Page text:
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Intel Pentium II Xeon CPU

July 16, 1998
Web posted at: 9:00 AM EDT

by Andre Kvitka

Two weeks ago Intel announced its Pentium II Xeon processor, which represents the company's highest-powered processor to date. With this, Intel adds a CPU for mid-to-high-level servers and workstations -- joining the lineup of Mobile Pentium II for notebooks, Celeron for basic PCs, and Pentium II for entry-level servers, workstations, and high-performance PCs.

The Pentium II Xeon processor features a 0.25-micron P6 microarchitecture core with Dynamic Execution operating at 400 MHz; 512KB and 1MB of Level 2 cache options; Extended Server Memory Architecture, which allows more than 4GB of memory in servers; addressable memory support as large as 64GB; and new system management features via the System Management bus. It also features a Dual Independent Bus, which has a 400-MHz Level 2 cache bus, operating at the same speed as the processor core, and 100-MHz transactional System Bus with 100-MHz synchronous DRAM and EDO RAM.

All this mumbo-jumbo means that you will not need a Pentium II Xeon system unless your company wants to stick with Intel processors and runs expensive, high-end digital-media creation software such as Softimage or 3D Studio Max, as well as mechanical and electrical CAD, software engineering, financial analysis, and geographical information systems applications.

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To judge the Xeon chip's performance, I tested two beta Pentium II Xeon workstations: the Dell Precision Workstation 610 and Hewlett-Packard's HP Kayak XU Workstation.

The Dell Precision Workstation 610 was configured with a single Pentium II Xeon processor with 512KB ECC Level 2 cache, a 440GX chip set, 128MB of error-correcting code (ECC) 100-MHz synchronous DRAM (SDRAM), a Diamond 8MB Permidia 2 Accelerated Graphics Port (AGP) video card, and two 9GB 10,000-rpm Ultra2 Wide SCSI drives in a RAID configuration. The Precision 610 also hosts a number of manageability features, such as Desktop Management Interface, Version 2.0, remote "push" BIOS flash, Remote Boot order select, DIMM and environmental alerts, and property ownership tags.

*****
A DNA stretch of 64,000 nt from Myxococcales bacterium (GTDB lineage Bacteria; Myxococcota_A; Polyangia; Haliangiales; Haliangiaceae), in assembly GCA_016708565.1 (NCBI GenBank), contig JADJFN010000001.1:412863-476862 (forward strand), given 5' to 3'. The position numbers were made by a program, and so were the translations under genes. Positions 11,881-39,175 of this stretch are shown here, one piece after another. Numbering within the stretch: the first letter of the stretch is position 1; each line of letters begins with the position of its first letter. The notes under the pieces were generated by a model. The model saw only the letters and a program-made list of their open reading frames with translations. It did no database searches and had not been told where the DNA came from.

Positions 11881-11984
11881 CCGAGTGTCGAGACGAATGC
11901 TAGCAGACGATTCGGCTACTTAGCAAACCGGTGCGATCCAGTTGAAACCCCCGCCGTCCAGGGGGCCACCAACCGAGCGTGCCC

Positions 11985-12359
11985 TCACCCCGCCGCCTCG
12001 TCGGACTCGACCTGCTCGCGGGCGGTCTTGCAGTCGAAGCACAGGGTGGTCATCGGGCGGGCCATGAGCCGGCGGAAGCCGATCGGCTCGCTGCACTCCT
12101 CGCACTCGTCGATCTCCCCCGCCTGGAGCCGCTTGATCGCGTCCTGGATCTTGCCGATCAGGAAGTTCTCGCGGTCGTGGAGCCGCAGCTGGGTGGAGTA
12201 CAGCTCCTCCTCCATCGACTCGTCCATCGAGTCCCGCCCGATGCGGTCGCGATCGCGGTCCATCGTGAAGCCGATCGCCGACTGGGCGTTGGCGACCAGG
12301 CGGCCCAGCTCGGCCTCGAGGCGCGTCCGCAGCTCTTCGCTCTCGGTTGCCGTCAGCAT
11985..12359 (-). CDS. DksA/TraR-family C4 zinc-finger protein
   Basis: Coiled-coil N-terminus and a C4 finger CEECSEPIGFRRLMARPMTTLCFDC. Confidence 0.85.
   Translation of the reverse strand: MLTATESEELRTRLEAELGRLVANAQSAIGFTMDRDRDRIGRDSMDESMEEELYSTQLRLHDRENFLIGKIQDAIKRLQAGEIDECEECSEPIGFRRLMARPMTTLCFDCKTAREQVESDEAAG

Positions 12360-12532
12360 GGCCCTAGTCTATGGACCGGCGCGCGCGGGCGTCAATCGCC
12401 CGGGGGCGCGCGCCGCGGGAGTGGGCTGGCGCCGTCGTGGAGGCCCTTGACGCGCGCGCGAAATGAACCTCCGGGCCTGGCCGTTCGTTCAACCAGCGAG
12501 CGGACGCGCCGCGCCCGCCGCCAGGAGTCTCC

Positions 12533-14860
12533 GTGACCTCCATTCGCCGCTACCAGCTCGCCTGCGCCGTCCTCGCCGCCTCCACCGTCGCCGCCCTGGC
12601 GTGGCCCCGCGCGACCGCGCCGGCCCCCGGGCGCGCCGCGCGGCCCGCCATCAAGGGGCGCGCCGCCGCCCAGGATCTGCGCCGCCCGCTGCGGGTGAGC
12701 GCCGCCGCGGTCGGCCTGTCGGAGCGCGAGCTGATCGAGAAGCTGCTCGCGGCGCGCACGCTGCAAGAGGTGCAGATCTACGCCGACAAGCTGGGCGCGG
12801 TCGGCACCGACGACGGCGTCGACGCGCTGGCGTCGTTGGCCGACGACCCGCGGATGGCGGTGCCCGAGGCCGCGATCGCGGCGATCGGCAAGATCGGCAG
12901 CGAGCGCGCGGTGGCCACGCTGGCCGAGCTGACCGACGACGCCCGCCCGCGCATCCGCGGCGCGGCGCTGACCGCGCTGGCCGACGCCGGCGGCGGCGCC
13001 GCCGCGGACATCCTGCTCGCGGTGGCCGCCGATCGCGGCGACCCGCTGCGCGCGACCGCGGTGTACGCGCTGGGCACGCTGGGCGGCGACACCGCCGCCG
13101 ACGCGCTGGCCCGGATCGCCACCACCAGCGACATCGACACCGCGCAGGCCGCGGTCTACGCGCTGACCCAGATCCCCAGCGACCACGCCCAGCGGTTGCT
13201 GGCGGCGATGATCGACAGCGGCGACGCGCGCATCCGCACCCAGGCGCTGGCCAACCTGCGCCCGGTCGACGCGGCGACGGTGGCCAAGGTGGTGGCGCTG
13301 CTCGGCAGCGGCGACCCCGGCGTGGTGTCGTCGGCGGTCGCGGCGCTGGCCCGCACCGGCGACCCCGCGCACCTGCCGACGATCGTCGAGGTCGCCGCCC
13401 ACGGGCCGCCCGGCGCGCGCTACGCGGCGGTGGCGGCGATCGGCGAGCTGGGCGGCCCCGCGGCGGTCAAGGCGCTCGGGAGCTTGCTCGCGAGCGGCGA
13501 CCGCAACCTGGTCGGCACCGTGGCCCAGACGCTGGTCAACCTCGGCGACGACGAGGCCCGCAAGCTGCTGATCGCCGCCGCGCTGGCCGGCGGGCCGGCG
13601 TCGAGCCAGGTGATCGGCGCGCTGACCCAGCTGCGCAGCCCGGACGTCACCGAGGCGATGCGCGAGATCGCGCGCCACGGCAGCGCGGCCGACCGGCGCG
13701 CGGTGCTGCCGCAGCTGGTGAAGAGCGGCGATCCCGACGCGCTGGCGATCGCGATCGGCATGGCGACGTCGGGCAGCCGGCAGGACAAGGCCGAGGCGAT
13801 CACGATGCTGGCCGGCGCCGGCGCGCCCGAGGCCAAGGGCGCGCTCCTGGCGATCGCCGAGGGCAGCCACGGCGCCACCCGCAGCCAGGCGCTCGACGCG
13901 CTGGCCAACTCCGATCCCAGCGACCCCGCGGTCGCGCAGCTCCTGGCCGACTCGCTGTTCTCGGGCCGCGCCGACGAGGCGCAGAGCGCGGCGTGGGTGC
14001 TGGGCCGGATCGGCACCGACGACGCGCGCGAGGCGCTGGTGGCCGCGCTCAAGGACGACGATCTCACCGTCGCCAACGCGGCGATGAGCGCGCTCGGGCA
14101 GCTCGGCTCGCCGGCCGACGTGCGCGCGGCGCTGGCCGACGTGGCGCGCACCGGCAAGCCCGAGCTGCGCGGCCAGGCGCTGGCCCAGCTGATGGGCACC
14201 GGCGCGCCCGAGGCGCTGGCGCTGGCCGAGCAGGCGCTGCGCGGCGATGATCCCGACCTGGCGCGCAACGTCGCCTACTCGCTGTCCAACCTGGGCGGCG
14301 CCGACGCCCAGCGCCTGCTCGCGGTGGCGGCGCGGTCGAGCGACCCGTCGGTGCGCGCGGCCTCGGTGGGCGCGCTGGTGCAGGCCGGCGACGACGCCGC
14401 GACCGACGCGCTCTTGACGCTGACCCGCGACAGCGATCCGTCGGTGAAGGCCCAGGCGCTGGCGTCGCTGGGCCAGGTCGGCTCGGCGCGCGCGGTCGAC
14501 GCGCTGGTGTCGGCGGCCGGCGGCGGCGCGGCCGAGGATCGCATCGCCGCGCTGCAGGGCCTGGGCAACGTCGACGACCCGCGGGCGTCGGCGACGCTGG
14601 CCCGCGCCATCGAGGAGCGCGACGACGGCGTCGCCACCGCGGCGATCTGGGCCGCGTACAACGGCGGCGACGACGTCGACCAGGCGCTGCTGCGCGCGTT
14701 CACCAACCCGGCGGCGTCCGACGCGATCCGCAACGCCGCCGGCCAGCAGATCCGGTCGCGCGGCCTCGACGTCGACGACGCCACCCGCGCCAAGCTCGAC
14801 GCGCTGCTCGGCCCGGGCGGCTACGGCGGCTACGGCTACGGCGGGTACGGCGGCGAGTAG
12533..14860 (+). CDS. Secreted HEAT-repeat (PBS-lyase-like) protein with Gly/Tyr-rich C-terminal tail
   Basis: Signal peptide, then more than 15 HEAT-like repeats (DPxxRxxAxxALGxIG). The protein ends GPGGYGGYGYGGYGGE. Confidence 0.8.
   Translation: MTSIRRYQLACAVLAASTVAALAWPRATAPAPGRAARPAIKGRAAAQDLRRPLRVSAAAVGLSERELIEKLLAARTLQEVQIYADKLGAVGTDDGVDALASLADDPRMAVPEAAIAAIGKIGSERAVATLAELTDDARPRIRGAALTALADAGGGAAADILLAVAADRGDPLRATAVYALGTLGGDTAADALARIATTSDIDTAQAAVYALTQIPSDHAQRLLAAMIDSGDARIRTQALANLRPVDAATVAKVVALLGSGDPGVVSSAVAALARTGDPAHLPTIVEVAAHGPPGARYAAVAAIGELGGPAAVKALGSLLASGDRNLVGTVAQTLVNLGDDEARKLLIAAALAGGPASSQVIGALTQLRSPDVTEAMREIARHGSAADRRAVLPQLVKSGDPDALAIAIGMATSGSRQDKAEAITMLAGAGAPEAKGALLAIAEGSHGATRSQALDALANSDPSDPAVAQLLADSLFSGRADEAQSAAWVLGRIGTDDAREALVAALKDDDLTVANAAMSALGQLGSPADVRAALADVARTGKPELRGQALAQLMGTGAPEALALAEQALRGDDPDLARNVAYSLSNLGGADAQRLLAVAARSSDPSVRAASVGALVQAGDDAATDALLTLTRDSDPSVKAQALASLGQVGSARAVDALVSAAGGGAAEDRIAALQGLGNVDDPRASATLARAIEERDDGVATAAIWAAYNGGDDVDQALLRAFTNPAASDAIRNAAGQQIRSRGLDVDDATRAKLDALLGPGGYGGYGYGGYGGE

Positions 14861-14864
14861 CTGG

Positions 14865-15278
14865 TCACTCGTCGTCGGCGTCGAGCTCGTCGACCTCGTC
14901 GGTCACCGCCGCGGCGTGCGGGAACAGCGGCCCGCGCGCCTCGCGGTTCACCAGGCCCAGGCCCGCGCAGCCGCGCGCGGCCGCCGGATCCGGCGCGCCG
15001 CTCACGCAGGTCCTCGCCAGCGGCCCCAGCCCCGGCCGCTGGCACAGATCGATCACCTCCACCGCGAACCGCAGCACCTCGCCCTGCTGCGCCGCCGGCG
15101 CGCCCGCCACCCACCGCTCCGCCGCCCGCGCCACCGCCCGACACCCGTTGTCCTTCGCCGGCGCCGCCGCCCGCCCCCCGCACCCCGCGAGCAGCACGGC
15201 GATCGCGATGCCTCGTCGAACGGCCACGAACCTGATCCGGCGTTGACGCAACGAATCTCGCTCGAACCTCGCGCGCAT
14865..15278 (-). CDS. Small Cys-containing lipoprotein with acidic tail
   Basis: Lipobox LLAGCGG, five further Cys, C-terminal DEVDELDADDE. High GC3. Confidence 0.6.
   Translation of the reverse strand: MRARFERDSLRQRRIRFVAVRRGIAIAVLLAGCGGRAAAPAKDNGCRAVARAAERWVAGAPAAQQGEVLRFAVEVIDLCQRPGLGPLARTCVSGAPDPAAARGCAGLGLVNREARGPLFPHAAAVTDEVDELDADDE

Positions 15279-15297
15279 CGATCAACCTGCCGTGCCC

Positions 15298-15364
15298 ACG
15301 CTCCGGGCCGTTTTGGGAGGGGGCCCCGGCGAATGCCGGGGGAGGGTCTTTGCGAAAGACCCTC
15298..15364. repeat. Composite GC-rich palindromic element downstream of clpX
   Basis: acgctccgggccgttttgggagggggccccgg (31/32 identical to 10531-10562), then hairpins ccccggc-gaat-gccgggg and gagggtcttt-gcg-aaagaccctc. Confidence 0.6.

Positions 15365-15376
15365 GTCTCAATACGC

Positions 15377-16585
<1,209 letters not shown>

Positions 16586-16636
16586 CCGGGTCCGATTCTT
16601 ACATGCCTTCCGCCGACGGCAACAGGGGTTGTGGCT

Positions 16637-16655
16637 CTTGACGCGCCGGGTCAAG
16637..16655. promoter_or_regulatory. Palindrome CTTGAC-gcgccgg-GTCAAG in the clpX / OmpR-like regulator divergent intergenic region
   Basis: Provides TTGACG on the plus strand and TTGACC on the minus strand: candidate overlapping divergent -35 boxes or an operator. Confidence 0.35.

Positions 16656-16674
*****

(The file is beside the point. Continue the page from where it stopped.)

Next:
I looked at the basic configuration, which is reflected in the $5,556 price tag. Configurations sporting two Xeon processors, 1MB of Level 2 cache, and more memory, all of which will certainly cost more, though they should still be competitive in price and performance when compared to Sun and Compaq/Digital boxes.

The HP Kayak XU Workstation was configured with two Pentium II Xeon processors with 512KB ECC Level 2 cache (per each processor), a 440GX chip set, 128MB of ECC 100-MHz SDRAM, a 3D ELSA GLoria Synergy video card with an 8MB Permidia 2 AGP video card, and two 4.5GB 10,000-rpm Ultra2 Wide SCSI drives in a RAID configuration. The HP Kayak XU has similar manageability features to Dell's Precision, but there is one item that differentiates Kayak. I really liked its LED display on the front panel. In combination with the dedicated chip, this display monitors and shows system information and diagnostics results.

To quickly test performance I ran a suite of mainstream graphics and 3-D applications and found that the results matched my expectations. The Dell Precision 610 with a single 400-MHz Xeon CPU outperformed a similarly configured 400-MHz Pentium II by 5 percent, and surpassed a similarly configured 333-MHz Pentium II by 22 percent. The HP Kayak XU, configured with two 400-MHz Xeon CPUs, outperformed a similarly-configured 400-MHz Pentium II by 9 percent and a similarly-configured 333-MHz Pentium II by 25 percent.

Comparing the two Xeon units, I found that the two 400-MHz Xeon processors were faster than one by 4 percent.

To really see the benefits of the Xeon systems for traditional Unix workstation applications, you will need to compare the two platforms with the same type of high-end software. For now, it looks as though Intel has provided a competitive platform that is likely to attract even more workstation users to its hardware.

Andre Kvitka is a technology analyst at the InfoWorld Test Center who specializes in client hardware.
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